The daily collegian. (University Park, Pa.) 1940-current, July 01, 1977, Image 1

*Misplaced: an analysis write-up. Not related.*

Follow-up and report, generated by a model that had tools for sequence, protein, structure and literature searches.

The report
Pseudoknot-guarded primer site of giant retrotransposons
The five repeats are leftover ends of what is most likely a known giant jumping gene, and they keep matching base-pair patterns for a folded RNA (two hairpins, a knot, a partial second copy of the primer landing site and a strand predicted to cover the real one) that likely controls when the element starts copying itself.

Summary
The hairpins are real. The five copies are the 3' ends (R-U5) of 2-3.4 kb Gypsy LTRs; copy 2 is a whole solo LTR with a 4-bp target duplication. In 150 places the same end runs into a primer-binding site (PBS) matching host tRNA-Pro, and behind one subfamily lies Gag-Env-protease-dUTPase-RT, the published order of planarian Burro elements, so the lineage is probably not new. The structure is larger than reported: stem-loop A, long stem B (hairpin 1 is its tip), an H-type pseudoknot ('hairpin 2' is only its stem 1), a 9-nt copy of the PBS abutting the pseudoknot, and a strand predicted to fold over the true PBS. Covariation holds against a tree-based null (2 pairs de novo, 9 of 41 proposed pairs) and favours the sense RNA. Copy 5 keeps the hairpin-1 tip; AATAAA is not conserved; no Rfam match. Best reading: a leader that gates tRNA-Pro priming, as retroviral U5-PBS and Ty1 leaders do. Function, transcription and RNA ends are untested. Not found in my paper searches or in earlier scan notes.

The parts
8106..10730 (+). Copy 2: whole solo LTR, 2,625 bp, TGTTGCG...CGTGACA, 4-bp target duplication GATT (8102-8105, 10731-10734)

111 IDITIOII Where's an exception to prove the rule? The University runs a hotel of sorts for various convention groups in empty dorms during the summer, complete with desk clerks and bell boys. The bell boys are required to wear red vests and little black bow ties. The Office of Food Services and Housing has dress regulations foi the desk clerks too. The cole slaw is blowin' in, the wind Remember the Chicago Seven.? memorable protests of the sixties, the Ken Kesey and the Merry Committee to Re-Hire Jo-Ann Farr is Pranksters? Jane Fonda and Jerry planning a Sunday picnic. Rubin? It may not sound like a very How about the '6B Chicago Con- revolutionary path to take, but vent ion?' The poor march on anyone who ever did time in a dining Washington? The Kent State hall ought not forget that you can moratoriums? create some great tactical diversions Not to be the with cole slaw. outdone by Summertime, and here come de judge! `Tis the season for civil suits among landlords and tenants as many students leave State College for summer without paying their rent. "We must have had 40 of those rotten things filed this month," Dartha Simons, civil secretary, said. In the latest round it was Landlords 1, Students 0 as Thomas Critchlow and Jeffrey Dugan together lost a $485 suit ,Tuesday to Eastgate From this sign we could tell only one thing, either the obelisk is broken, or someone's telling a fib. Dick and Jane, easy as CDT? Quote of the week: Jerome Weinstein, editor of the Centre Daily Times at a recent press conference with University President John W. Oswald during a discussion of the University's Basic Skills program "I've heard that local school children carry around the Centre Daily Times to learn reading . . . I think that's appalling." • Just what the doctor ordered Probably one of the most ideal ways to stay healthy is to eat regularly, and according to a recent survey, people who have studied health planning and administration at Penn State are doing just that. The' survey, releaSed by the University Department of Public Information, shows that of 200 health planning and administration graduates asked, 82 per cent have Did something just go boom? If you find yourself Standing up on the bus more often these days, here's why. According to statistics from the federal bureau of the Census, the population in Centre County in creased from 99,267 in 1970 to 110,118 in 1975; an overall increase of 10.9 per cent. The population figures are based on Clarification The Daily Collegian incorrectly reported that any agreement between the Teamsters Local Union 8 and the University would be retroactive to June 30. Although previous agreements have been retroactive, this year's agreement will be retroactive only if that is specified in Ihe final agreement. _ What's Inside Keating Dam proposal page 1 'Wet T-shirt' hearing page 3 Fireman's Parade page 4 Play review page 5 'Star Wars' review page 5 Blindness in State College page 9 the daily According to a flyer posted prominently behind the desk at Waring Hall, rule number one for female clerks is "A top must be worn at all times." Since most University rules are eminently logical, if there's a rule, obviously there must, have been a problem. associates, Bellaire Avenue. A second suit may result, Simons said, but this time between the two former tenants because Dugan ap peared at the hearing and Critchlow did not. Dugan was thus held responsible for the full settlement and may have to sue Critchlow for reimbursement. Nothing like equal justice under the law. I'm out on a limb since you're leafing Can a lone tree surgeon find suc cess where a group of landscape gardening students found failure? Let's hope so. About halfway down the Mall from Pollock Road, right next to the water fountain, is an old stone monument that reads, "The Old Willow, planted in 1858 by Professor William G. Waring. Restored 1911 by students in landscape gardening of the Penn sylvania State College." . Right next to the monument is not an Old Willow, but rather a new willow sapling. The Old Willow was removed two terms ago, which is just as well, since by the time it was removed it didn't much resemble a tree anymore. Its upper portion was held by guy wires attached to the branches of other trees, just about half of the lower trunk was missing, and what did remain of the trunk was filled with cement. Now, a little further down the Mall, a similar restoration is taking place. This time the subject is an Elm tree that was damaged during a fire at Sackett Building in 1918. The bark of the tree was damaged, exposing the trunk to termites, carpenter ants, and squirrels. This time, instead of entrusting the repair job to a bunch of wire-and cement-crazy landscape majors, the University assigned one of its tree specialists to the job. The specialist's •name is Edward Meek, and "with a combination of metal bolts to brace the upper trunk, polyurethane foam to fill the lower trunk, and skillful pruning to lighten the top of the tree, he plans to save what he says is a healthy tree while still keeping it visually appealing. And if anyone thinks he can't do it, they're out of their trey. jobs in the health planning field or have continued their education in a health-related field. 86.6 per cent of those asked said they were glad that they majored in health planning and administration, while 6.6 per cent said that they were sorry they had majored in the program. All of which sort of implies that staying healthy can be a full-time job. the number of births and deaths in the county, the number of people moving in or out of the county, as well as several other special groups. Among the special groups listed are immigrants, Armed Forces living in barracks in the , area, full time students, long term patients at health care facilities, and prison inmates. That's why. Weather Wea therwise this weekend, everyday's a 4th 'of July.' Con siderable cloudiness with a few showers or thundershowers likely until late this morning, partial clearing this afternoon, high near 80. Partly cloudy tonight and tomorrow, low tonight 58 and the high tomorrow 78. Fair and warm Sunday. olle • iarl Teamsters call for strike By DAVE SKIDMORE Collegian Staff Writer A low turnout of the membership of Teamsters Union Local 8, representing more than 2,000 University employees, last night authorized its leaders to call a strike. But union leaders indicated that they will not call a strike until fall, when it would have the most'effect. "We don't hit the bricks yet," one member said after the meeting. Local 8 members voted 654 to 219 to reject the University's 5 per cent wage hike offer'. The union is asking for an 8 per cent hike. The vote fell just 70 short of the number needed to accept the wage offer. Eleven ballots were void. A two-thirds vote of the membership is required to authorize a strike. Seventy five per cent of the members attending voted to strike. Local 8 Secretary-Treasurer C. Rodney Knepp said he expected the University to come back with another offer, even though University President John W. Oswald said the University can't offer a larger settlement. "The University always states that they don't have the money," Knepp said. Knepp said the University will get somewhere between $lO9 million and $lll million from the state. Since Oswald does not know how much money the University is getting from the slate, Knepp said, "he isn't basing his statements on fact." Only 885 of more than 2,000 eligible food service, maintenance and technical workers voted. Carter decides against Bi bomber WASHINGTON (UPI) President Carter killed the costly B 1 bomber project yesterday and said America simply does not need the $lOO million warplane to defend itself from Soviet attack. The decision caught many lawmakers and lobbyists by surprise, delighting anti-B1 forces and provoking bitter criticism from those who considered the multibillion dollar defense project essential to national defense. Calling it "one of the most difficult decisions that I've made," Carter announced after weeks of secretive review he is stopping - production of the super bomber and will fill its place in the defense picture with a pilotless jet known as the "cruise missile." The decision will affect U.S. military strategy for years to come and deals a heavy economic blow to several states including California, Massachusetts and Missouri where components of the plane would have been built. Spokesmen for some producers claimed thousands of jobs would be lost. Former President Gerald Ford, in San Francisco, called Carter's decision "a very risky gamble . . . too big a gamble and too much of a risk." Carter's move stunned and angered congressmen expecting the opposite decision. House Republican leader John Rhodes accused Carter of "rank amateurism" in his handling of the decision and said he "threw away an important bargaining chip for the strategic arms limitation talks" with the Soviets. Rep. Robert Dornan, R-Calif., whose district includes Dam project: By STEVE LESTER Collegian Staff Writer , Editor's note: This story concludes a two-part look at the proposed Keating dam. Since 1936, the Army Corps of Engineers has had its eye on the Keating site, about 50 miles upstream from Lock Haven on the west branch of the Susquehanna River, a corps spokesman said. However, economic factors have prevented the corps from recom mending the project to Congress for final approval. The cost-benefit ratio for the project is .82, the corps says. A ratio of at least 1.0 is required for any water project before the corps may recommend it to Congress, according to the Flood Control Act of 1936. In other words, the corps must show that for every dollar spent on a project after it is built, a dollar or more would be returned in benefits. It would cost more than $4B million a year to operate the Keating Dam, the corps says. The project would bring in only $39.5 million in annual benefits. Thus, 39.5 divided by 48 equals .82. The corps has received much criticism, notably from President Carter, for its methods of determining cost-benefit ratios. However, the corps' hydropower benefit figures are relatively conservative. The benefits from hydropower are based on the corps' "projected profit" from the sale of electricity to the first power company that wants to distribute it to the public, a corps spokesman said. This profit is based on the cost of producing electricity by means of the cheapest alternative to hydropower as designated by the Federal Power Commission. For the proposed Keating project, the alternative is gas turbine, the spokesman said. Hence, the market value of natural gas has a direct in fluence , on the overall value of the project. At more than $27.5 million, the annual benefits from hydroelectricity would be Knepp attributed the low turnout to the holiday weekend and the fact that some union members had withdrawn for the summer and were ineligible to vote. However, several union members outside the meeting said many members were apathetic. "They feel the union let them down last year," one technical worker said. "We blew our chances last year," another member said. The members • said because the of ficers of the union strongly recom mended a strike when the University made its first offer last fall and later recommended acceptance of a similar offer, many union members lost' con fidence in union leaders. Some of the members were a little skeptical," Knepp said. "After tonight we're hoping to gain some confidence (from the membership)." "I want to say to the membership, `l'm hearing and I'm understanding,' " he said. One Local 8 member said the meeting was quieter than last year's meeting. "My feeling is that we would have an orderly meeting. I'm proud of the membership for this," Knepp said. _ In addition to the wage hike, the University's offer also included an in crease in surgical benefits. Coverage for each surgical operation would have been raised from $450 to $750, a 67 per cent increase. Maternity benefits would have risen $133. The benefits have already been ex tended to non-union workers. ' the Rockwell International plant where the Ills were to be built, claimed the decision would cost 68,000 jobs in California alone. "They are breaking open the vodka bottle in Moscow,'.' Dornan said. But spokesmen for the National Campaign to Stop the B 1 praised Carter's "courage" in resisting pro-bomber lobby pressure and said, "we promise to help you protect your B 1 decision in the Congress and public." And in San Antonio, Tex.,Labor Secretary Ray Marshall said he advised Carter to disregard thelm pact his decision might have upon the defense industry employment. . "My recommendation to the President has always been that our employment decisions not be related to defense matters, that we shouldn't connect them," Marshall said. Within hours of Carter's announcement, the House approved an overall defense bill with the B 1 production money still included. The legislation went/to the Senate, where sources predicted a liberal vs. conservative fight over whgther to eliminate the bomber funds or leave them in and dare Carter to veto the entire bill. At a nationally televised news conference, Carter said he will allow continued research and development on the B 1 just in case cheaper, alternative weapons systems do not pan out and in case Soviet belligerence requires more U.S. military muscle. "If at the end of a few years our relations with the Soviets should deteriorate drastically, which I don't about 70 per cent of the total annual benefits, the corps says. Though the figure is powerful, it is nevertheless conservative, according to the Federal Power Commission's assertion that the . cheapest way to produce electricity is with natural gas and not hydropower. The next highest benefit figure is for flood control. The corps says the project will bring in about $7.4 million annually, or about 19 per cent of the total. . The main thrust of this figure comes from a concept the corps calls "direct primary benefits," or the estimated cost of restoration to preflood conditions. Through a series of flood records dating back about a century, the corps compiles a prediction of average yearly damages for a given area. The prediction serves a large part in the total flood control figure. The less significant factor of flood control benefits involves "secondary benefits," or those directed toward "goals other than economic efficiency," according to a 1971 engineering text book, Economics of Water Resource Planning, by Douglas ,L. - James and Robert R. Lee. The corps already has four dams on the west branch. The corps lists as Cost exceeds benefit criteria for secondary benefits "the net losses of profit on production and sales, wages, and salaries, the increased costs of continuing normal operations, the cost of flood fighting and the cost of evacuation and reoccupation of the flooded area." The corps has considerable autonomy over flood control figures, experts say, as they do in creating categories for benefits as a whole. For certain projects such as Keating, the corps assigns a benefit category called "area redevelopment," because it has "persistent and substantial unemployment." However, the em ployment boon the project would create would be temporary. The corps says the Keating area would prosper through additional employment by about $2.5 million averaged over 100 years, about 7 per cent of the total. The only other benefit for the project deals with recreation. At a mere $210,000, recreation benefits are hardly significant. Otto Eckstein, an expert on the economics of water projects, writes that recreation benefits are practically in valid because they are based on ex-' penditures people make on travel, equipment, lodging and so forth, and not A Teamster member checks identifications before the voting takes place. The Teamsters, with more than 2,000 members on campus, voted to reject the Univer sity's final offer of a 5 per cent wage hike last night and authorized leaders to call for a strike. Ten cents per copy Friday, July 1, 1977 Vol. 78, No. 11 12 pages University Park, Pa. 16802 Published by Students of The Pennsylvania State University anticipate," he said, "then it might be necessary to change my mind " But for now, he said, "my decision is that we should not continue with deployment of the 81, and I am directing that we discontinue plans for production of this weapons system. The secretary of defense agrees that this a preferable decision .. . . . "Our 'Triad' concept of retaining three basic delivery systems will be continued, with submarine-launched ballistic missiles, ICBMs and our bomber fleet, in cluding cruise missiles, as one of its elements. "'We will continue thereby to have an effective and flexible strategic force whose capability is fully suf ficient for our national defense." The B 1 had become on the the hottest political issues in Washington. It was the most costly combat plane ever built, with estimated production costs ranging from the current Pentagon estimate of $101.7 million per plane to an eventual $l6O million predicted by critics. Designed to replace the aging 852 bomber, the B 1 could carry much bigger nuclear payloads on low-level raids designed to slip underneath Soviet radar defenses. Supporters said the United States needed the plane to maintain a flexible, credible deterrent in a nuclear showdown. But critics said the Russians would have developed defenses capable of shooting the plane down by the time the full fleet became operational in the 1980 s. Carter sided with the critics. on the use of the lake the dam would create. The corps added a new category, or "project purpose," to Keating last year at the request of Maurice K. Goddard, state secretary of the Department of Environmental Resources. Called "low flow augmentation," the new objective deals with regulating the river's depth during dry weather to reduce acid pollution from abandoned mines and mine waste dumps. The corps plans to announce its find ings on the study some time next spring, a spokesman said So far they are "very preliminary." Another possible category could in volve the construction of an "energy park," or five coal-burning plants and five nuclear plants near Keating that would provide electricity for much of the Northeast. The cost-benefit ratio would increase if the benefits from the pool of water provided by the dam necessary to run these plants were included in it, the spokesman said. However, the matter has been put to rest until "the power companies say something." A factor that could lower the benefits is a dike-levee system the secretary of the Army has already, approved for the Lock Haven area. The project is in the final debating stages in Congress, with a ratio of 1.4. ' Ideally, cost-benefit analysis is the best economic' tool for water projects; however, it can and has been corrupted. The James and Lee textbook says, "Projects are built which are economically infeasible because so many politicians regard the budget for water (projects) as a pork barrel from which they can withdraw funds to fur ther their 'own political interests." John R. Daugherty, University assistant professor of environmental resource management, said, "The corps' record is very, very visibly bad." He said he has had "some experience" with , the corps in Wyoming and once "broke a crops project."